I've read bits and parts of this, but I just read it start to finish and I learned a lot. Most of Bagehot's insights helped form the structure of the Federal Reserve, but we still seem to forget some of his ideas. For example, that panics are primarily about a lack of trust. The book explains how modern banking works and how the central bank should act during crises. I've read bits and parts of this, but I just read it start to finish and I learned a lot. Most of Bagehot's insights helped form the structure of the Federal Reserve, but we still seem to forget some of his ideas. For example, that panics are primarily about a lack of trust. The book explains how modern banking works and how the central bank should act during crises.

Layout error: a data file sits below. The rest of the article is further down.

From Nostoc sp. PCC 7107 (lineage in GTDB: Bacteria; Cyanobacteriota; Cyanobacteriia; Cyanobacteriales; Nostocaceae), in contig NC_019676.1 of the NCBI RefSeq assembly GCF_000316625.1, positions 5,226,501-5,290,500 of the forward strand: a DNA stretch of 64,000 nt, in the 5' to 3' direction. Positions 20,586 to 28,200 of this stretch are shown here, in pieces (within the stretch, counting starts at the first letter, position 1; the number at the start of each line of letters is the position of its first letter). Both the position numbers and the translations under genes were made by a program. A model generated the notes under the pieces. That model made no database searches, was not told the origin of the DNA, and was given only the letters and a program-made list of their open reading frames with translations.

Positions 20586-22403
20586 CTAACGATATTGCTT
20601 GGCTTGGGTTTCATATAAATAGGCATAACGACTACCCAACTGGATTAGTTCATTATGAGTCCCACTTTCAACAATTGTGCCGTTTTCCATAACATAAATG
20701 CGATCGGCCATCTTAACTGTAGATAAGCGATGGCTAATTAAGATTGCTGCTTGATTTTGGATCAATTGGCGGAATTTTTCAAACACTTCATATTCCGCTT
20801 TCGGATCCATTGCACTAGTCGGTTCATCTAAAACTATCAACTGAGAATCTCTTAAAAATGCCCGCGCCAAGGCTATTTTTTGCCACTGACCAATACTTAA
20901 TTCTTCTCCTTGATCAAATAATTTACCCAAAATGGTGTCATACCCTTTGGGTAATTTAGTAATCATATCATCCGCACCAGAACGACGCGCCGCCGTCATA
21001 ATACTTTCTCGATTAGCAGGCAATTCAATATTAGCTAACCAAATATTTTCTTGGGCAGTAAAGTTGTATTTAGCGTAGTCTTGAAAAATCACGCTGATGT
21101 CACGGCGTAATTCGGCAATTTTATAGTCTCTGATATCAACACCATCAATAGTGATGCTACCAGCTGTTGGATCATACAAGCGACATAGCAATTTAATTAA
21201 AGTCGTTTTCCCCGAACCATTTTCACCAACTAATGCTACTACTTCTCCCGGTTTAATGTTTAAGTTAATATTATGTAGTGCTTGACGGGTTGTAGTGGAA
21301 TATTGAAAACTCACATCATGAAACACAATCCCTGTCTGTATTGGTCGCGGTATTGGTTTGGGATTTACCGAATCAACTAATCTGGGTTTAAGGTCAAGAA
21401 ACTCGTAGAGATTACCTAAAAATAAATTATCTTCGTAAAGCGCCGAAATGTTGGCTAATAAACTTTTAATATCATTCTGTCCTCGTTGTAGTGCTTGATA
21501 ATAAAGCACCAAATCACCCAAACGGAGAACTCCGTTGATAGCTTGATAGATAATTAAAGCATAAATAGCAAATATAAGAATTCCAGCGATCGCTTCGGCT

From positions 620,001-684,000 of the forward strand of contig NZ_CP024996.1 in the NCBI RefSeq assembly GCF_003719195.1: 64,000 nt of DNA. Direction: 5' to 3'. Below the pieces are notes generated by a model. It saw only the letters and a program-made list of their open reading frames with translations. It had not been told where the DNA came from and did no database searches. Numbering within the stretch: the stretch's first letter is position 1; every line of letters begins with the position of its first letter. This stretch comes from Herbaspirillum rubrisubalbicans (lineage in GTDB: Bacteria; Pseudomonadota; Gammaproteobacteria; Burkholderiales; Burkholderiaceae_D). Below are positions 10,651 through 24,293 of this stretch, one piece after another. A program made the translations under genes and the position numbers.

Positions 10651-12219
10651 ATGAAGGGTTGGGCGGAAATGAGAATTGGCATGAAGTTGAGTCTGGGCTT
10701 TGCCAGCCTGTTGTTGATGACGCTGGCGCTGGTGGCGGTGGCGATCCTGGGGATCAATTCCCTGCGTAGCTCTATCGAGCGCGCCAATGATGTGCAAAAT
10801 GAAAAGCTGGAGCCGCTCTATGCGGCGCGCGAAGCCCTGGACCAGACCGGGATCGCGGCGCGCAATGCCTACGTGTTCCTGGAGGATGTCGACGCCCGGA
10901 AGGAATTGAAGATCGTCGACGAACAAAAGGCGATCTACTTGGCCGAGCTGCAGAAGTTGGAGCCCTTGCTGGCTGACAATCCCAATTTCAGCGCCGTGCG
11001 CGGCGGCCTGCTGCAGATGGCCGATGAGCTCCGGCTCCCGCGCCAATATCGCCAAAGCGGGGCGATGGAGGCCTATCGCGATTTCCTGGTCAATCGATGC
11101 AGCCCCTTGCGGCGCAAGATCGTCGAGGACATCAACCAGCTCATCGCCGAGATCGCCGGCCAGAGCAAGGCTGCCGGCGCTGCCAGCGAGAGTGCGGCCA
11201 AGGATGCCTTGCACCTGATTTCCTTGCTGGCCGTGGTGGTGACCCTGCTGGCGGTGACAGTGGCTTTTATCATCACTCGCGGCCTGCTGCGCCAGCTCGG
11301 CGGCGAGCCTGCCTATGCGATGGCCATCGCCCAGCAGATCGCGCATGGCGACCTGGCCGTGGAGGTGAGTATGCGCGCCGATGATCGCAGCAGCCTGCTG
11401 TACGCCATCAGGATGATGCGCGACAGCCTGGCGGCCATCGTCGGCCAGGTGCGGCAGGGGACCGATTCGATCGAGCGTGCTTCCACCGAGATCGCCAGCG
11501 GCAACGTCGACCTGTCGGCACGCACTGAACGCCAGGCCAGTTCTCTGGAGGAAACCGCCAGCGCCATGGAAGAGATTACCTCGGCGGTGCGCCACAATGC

4. 5 out of 5

    Justin Tapp